Since the dawn of the Ben Cherington regime, we have been consistently reminded about the depth of talent found in the Boston Red Sox farm system. One of the greatest mistakes Theo Epstein ever made in his time as General Manager of the Red Sox was to completely deplete the team’s farm depth, leaving them vulnerable to decline almost as soon as the 2007 World Series had been won.
As prospects like Jon Lester, Clay Buchholz, Jacoby Ellsbury, and Dustin Pedroia graduated in a short span, prospects like Hanley Ramirez, Anibal Sanchez, Justin Masterson, and Anthony Rizzo were traded for veterans Josh Beckett, Victor Martinez, and Adrian Gonzalez. Coupled with the signings of free agents like Carl Crawford and John Lackey and the subsequent loss of draft picks as compensation, the Red Sox farm depth dwindled to a dangerously thin level.
That, however, is not the case anymore. As all of Red Sox nation wonders whether or not this year’s iteration will be able to build off of their 9-5 stretch leading into the All Star Break, I am here to remind fans that the future remains quite bright at Fenway Park. So if the Red Sox look more like the team that dropped two of three to the resurgent Yankees in the second half, be sure to bookmark this page for re-reading.
2016: Christian Vasquez
2017-2020: Blake Swihart
The Red Sox have not one, but two of the most promising young catchers in baseball. The dynamic tandem of Swihart and Vasquez should ensure stability at an up-the-middle position for at least the next five years. Vasquez is the more major league ready of the two, but is currently recovering from Tommy John surgery, a factor that pressed the organization to call up Swihart much sooner than was expected.
Vasquez is elite defensively in every regard as we saw in 2014’s twilight. He can frame pitches and call a game with the poise of a seasoned veteran, plus he has the lightning quick agility and cannon arm to negate would-be base-stealers at a Gold Glove level. Swihart, on the other hand, brings a more all around game. Where there remain questions about Vasquez’s ability to hit major league pitching, Swihart has been described as a potential Buster Posey.
His most advanced tool right now is probably his arm or his hitting, but he has the physical and mental makeup to tap into his raw power and advanced baseball IQ to become a part of a very short list of all-around catching prospects. To top all this off, the Red Sox also drafted a promising catcher in Austin Rei in last month’s amateur draft. Not only does the team have a stable future, but they have the depth to deal from this position to shore up their weaknesses.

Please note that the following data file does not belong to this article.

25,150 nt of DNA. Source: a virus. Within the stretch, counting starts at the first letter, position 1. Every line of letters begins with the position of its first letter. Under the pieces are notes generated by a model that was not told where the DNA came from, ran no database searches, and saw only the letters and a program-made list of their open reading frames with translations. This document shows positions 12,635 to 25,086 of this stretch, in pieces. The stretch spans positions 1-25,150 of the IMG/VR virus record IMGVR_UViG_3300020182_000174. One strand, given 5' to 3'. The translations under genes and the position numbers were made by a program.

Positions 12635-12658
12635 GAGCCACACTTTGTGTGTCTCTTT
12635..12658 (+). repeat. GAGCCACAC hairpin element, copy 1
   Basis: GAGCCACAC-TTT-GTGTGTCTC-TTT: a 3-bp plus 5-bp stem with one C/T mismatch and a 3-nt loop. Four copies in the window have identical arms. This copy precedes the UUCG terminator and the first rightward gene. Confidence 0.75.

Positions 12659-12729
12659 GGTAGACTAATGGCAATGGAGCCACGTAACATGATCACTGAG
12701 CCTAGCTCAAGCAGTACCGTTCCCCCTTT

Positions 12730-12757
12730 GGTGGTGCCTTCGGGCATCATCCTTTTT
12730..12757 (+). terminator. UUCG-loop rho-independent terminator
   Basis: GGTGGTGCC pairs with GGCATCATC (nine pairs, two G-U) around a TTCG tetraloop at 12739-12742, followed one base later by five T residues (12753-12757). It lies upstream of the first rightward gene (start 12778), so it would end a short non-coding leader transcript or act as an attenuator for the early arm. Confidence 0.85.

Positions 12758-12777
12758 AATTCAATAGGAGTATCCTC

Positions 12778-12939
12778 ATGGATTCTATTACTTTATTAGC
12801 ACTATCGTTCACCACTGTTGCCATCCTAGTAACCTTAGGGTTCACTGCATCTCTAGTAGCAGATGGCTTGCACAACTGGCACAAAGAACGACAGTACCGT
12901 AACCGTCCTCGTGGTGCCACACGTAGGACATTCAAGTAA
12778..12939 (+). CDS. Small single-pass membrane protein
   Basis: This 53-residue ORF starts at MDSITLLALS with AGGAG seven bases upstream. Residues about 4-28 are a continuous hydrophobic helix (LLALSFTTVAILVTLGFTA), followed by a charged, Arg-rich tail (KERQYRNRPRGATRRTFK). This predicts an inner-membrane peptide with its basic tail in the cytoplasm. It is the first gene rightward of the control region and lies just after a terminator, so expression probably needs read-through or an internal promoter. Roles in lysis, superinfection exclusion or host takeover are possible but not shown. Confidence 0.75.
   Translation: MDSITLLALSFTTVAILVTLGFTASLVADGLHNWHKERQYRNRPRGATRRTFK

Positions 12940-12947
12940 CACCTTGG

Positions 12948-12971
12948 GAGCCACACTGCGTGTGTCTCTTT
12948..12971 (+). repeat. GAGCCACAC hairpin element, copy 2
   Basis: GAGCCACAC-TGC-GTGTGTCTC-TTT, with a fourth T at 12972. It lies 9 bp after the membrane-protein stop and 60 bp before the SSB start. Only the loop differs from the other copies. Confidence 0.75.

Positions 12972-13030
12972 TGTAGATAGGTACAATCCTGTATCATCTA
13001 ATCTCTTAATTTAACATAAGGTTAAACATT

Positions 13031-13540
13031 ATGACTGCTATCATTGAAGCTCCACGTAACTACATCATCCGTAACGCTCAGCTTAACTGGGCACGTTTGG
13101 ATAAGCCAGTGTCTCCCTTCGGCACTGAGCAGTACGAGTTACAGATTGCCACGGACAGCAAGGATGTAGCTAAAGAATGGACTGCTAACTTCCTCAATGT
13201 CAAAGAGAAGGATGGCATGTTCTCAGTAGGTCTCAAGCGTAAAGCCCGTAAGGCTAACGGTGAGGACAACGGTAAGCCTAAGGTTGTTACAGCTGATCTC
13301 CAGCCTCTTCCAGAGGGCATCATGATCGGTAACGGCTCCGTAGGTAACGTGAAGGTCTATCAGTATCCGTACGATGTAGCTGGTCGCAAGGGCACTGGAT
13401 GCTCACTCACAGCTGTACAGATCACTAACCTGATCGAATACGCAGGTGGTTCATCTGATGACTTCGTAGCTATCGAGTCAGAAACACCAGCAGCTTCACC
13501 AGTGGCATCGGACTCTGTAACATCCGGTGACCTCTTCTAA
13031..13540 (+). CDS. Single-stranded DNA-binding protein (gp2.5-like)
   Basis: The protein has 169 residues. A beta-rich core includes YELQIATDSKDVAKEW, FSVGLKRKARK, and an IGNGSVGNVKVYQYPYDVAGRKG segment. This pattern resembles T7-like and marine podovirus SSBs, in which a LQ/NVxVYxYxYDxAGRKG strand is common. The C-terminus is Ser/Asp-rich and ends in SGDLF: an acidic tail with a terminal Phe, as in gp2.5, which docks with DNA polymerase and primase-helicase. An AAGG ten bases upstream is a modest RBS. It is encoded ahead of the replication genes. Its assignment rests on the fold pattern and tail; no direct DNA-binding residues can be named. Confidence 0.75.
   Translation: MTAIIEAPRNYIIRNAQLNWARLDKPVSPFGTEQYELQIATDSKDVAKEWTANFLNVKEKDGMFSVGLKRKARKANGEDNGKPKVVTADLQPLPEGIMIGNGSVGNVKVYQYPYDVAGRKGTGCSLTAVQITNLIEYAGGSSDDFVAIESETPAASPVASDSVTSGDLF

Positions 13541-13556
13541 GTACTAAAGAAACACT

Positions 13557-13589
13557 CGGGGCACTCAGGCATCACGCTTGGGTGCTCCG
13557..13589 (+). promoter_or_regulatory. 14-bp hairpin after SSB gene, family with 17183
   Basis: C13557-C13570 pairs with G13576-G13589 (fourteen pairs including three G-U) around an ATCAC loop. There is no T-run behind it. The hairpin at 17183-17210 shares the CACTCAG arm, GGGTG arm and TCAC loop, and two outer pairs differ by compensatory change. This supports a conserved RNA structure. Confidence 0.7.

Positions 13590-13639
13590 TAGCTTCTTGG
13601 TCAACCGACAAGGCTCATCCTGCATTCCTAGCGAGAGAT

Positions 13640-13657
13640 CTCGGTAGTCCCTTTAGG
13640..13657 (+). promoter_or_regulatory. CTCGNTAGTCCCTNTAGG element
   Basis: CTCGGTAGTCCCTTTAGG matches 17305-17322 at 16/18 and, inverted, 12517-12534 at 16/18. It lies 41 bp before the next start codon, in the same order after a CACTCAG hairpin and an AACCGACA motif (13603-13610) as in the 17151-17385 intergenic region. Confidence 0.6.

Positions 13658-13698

2016: Hanley Ramirez
2017-2020: Pablo Sandoval
For all the vaunted claims I have made about the Red Sox’s organizational depth, the overwhelming lack of depth lies at first base. The team’s top first-base prospect, Travis Shaw, has never shown enough in the minor leagues for the team to expect him to be anything more than an average everyday player. After him, the only real first base prospect the team has is 2014 second-round pick Sam Travis.
Travis was drafted as an advanced college hitter with above-average power and so far has proven himself to be exactly that. But at this point in time, I’m not ready to say he will be a better offensive contributor than Sandoval by the time he is major league ready. This is definitely a position that the team could look to add to, and there are murmurs that they may be considering Korean import Byung-Ho Park, while impending free agent to be Adam Lind also makes sense.
But at this point in time, the Red Sox have to be desperately searching for a way to keep Hanley Ramirez out of left field. Whether that means playing him at first base, DH, or elsewhere remains to be seen, but for now he remains the most likely candidate in this writer’s opinion to join next year’s infield. Beyond that, there are no standout options down the line unless the team moves a player like Michael Chavis, Andrew Benintendi or even Dustin Pedroia over.
2016-2020: Dustin Pedroia
Assuming the team decides to let Pedroia play out his current contract at the keystone, the team can continue to count on steady production at one of the weakest offensive positions on the diamond. While it is still up in the air as to whether Pedroia will continue his surprising power hitting, it is not unreasonable to expect him to maintain a high batting average into his 30’s.
The one question that will ultimately determine whether Pedey continues to put on his laser show at second base or if he is moved will be whether his defense holds up with age. Fortunately, the Red Sox have a surplus of up-the-middle defenders waiting in the wings, from the aforementioned Chavis, to players like Javier Guerra and Marco Hernandez. Most intriguing of all is the Cuban phenom Yoan Moncada, who is just beginning to show the immense talent we all hear about.
And beyond that, the Red Sox have FOUR potential center fielders in Jackie Bradley, Rusney Castillo, Manuel Margot and Benintendi should the team elect to move Betts to his old position. And oh yeah, just for good measure, can’t leave out the Brock-Star, Brock Holt. This team will be fine up the middle, no matter which option they choose to go with.
2016-2020: Xander Bogaerts
Bogaerts has an even more permanent foothold on his current role than the clubhouse leader Pedroia does. As the best prospect to arrive in Boston since probably Jacoby Ellsbury, Bogaerts is starting to show the makings of a cornerstone player for the franchise. After being called-up in 2013 and playing a pivotal role in the team’s playoff run to a World Series victory, Bogaerts struggled through an up-and-down 2014.
While he was red hot in April, May, and September, the Aruban shortstop looked lost throughout the summer. This year, behind defense that grades out as perhaps the best on the team, the 22-year-old is looking to show that he can keep it up for a full year after getting snubbed for the All-Star Game. His resurgence has been thanks in large part to an all-fields approach, as well as improved quickness on the base paths and a clutch factor that must be making David Ortiz proud.
Barring what would be an astonishing, but not quite impossible trade (Matt Harvey anyone?), expect Bogaerts to be in Boston a long time. And on top of that, if he can keep hitting and fielding the way he is now, he ought to be hitting third and playing short just as he is now.